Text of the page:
5. @Shashwat: Hi buddy! It's me Praval who's been authoring Linux related posts for Brajeshwar. I've been using Linux for the past 2 years and have tried ,my hands on Fedora, Mandriva, OpenSuse, Mint, et al. I now use Ubuntu-Hardy. As I mentioned in my post, each distro has a package manager to help install the softwares from repositories. Ubuntu has apt-get as one of the package managers. OpenSuse and Fedora have yum and yast, etc. It would not be possible to explain all of them, but what I have tried is to share the concept of how they work and what do they mean. I shall be coming up with the source compilation soon. Thanks for your comments!

  6. @Shashwat: Hi buddy! It's me Praval who's been authoring Linux related posts for Brajeshwar. I've been using Linux for the past 2 years and have tried ,my hands on Fedora, Mandriva, OpenSuse, Mint, et al. I now use Ubuntu-Hardy. As I mentioned in my post, each distro has a package manager to help install the softwares from repositories. Ubuntu has apt-get as one of the package managers. OpenSuse and Fedora have yum and yast, etc. It would not be possible to explain all of them, but what I have tried is to share the concept of how they work and what do they mean. I shall be coming up with the source compilation soon. Thanks for your comments!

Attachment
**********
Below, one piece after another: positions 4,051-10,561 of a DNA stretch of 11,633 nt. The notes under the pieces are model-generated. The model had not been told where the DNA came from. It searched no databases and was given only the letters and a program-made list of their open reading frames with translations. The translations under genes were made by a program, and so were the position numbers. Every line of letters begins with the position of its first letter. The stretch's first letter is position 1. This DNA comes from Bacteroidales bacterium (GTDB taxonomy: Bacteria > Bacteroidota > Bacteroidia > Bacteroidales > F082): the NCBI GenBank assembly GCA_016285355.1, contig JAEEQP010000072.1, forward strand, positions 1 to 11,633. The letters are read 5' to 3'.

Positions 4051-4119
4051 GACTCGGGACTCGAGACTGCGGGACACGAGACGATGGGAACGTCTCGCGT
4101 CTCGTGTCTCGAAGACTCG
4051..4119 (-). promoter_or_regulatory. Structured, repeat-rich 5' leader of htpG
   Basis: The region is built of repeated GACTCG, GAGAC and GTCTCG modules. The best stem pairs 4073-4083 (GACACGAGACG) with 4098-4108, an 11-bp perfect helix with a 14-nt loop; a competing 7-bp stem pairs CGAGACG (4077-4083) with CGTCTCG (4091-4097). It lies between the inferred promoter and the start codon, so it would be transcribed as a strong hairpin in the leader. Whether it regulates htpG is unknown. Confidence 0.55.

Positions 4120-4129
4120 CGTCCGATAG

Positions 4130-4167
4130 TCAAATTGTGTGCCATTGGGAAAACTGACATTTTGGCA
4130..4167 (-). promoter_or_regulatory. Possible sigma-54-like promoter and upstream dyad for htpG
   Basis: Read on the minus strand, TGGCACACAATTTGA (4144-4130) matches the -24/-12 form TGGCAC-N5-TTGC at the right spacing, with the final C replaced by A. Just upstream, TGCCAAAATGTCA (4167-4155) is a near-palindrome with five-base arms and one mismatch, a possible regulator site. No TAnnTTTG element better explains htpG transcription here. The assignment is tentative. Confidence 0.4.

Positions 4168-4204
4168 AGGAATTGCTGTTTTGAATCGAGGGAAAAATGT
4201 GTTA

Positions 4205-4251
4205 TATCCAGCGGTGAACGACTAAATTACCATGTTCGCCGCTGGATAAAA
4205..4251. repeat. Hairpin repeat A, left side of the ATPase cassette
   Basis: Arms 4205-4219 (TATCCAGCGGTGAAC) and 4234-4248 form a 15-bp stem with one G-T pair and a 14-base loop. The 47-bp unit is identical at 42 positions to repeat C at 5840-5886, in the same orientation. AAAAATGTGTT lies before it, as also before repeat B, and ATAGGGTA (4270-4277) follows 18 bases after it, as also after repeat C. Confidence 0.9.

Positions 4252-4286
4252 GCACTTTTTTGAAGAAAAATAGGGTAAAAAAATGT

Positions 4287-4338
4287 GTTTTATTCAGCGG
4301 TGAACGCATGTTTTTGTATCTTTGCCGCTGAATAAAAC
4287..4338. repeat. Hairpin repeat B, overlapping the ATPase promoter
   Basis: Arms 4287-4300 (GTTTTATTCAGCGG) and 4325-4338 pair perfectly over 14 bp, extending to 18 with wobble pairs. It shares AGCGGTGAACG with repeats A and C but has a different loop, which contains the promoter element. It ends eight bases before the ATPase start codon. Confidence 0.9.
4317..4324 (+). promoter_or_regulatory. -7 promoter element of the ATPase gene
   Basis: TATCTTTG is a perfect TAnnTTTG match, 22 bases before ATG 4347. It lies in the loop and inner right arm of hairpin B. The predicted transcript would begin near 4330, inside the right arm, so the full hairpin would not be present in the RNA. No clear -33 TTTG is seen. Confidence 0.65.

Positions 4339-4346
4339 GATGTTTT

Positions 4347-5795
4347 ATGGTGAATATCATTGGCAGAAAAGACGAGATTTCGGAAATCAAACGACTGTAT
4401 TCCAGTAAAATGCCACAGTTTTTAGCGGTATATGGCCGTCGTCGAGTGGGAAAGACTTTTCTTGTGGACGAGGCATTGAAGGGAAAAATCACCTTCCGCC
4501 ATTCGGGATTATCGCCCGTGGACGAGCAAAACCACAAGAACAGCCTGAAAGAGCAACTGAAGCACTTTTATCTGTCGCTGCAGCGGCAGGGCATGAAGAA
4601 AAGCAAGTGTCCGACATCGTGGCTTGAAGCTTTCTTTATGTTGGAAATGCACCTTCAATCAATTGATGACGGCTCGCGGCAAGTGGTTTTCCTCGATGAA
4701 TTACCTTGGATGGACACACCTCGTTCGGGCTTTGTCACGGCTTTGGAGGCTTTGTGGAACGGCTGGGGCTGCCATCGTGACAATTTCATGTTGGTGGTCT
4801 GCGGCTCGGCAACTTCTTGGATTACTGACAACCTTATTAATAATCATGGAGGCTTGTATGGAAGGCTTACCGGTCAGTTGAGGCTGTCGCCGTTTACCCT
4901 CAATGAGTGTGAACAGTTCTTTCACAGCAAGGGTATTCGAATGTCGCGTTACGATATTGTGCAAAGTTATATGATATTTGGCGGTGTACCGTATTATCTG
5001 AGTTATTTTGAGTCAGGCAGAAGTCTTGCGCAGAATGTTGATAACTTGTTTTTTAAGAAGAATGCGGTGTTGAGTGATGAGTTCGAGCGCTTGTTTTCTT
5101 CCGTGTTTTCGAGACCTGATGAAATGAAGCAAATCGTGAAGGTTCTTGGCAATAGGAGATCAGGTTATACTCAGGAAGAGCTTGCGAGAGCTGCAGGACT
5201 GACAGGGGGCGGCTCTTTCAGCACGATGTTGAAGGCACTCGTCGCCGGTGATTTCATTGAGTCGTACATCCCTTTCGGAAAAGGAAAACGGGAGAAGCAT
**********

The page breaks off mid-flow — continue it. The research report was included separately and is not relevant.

7. I used an ubuntu computer at work for 2 months before I installed it on my computer, and didn't realize how much of an issue installing software would be cause I had never done it before. Searching on google for 30 seconds made it a cinch, but to someone that wouldn't do that intuitively, it's probably pretty mind-boggling.

    I don't know why major distros don't include a 'weclome to Linux' type tutorial after installation - it would probably help completely new users learn to get used to the new ways of doing things in Linux and it doesn't have to be very intrusive if you're an experienced user.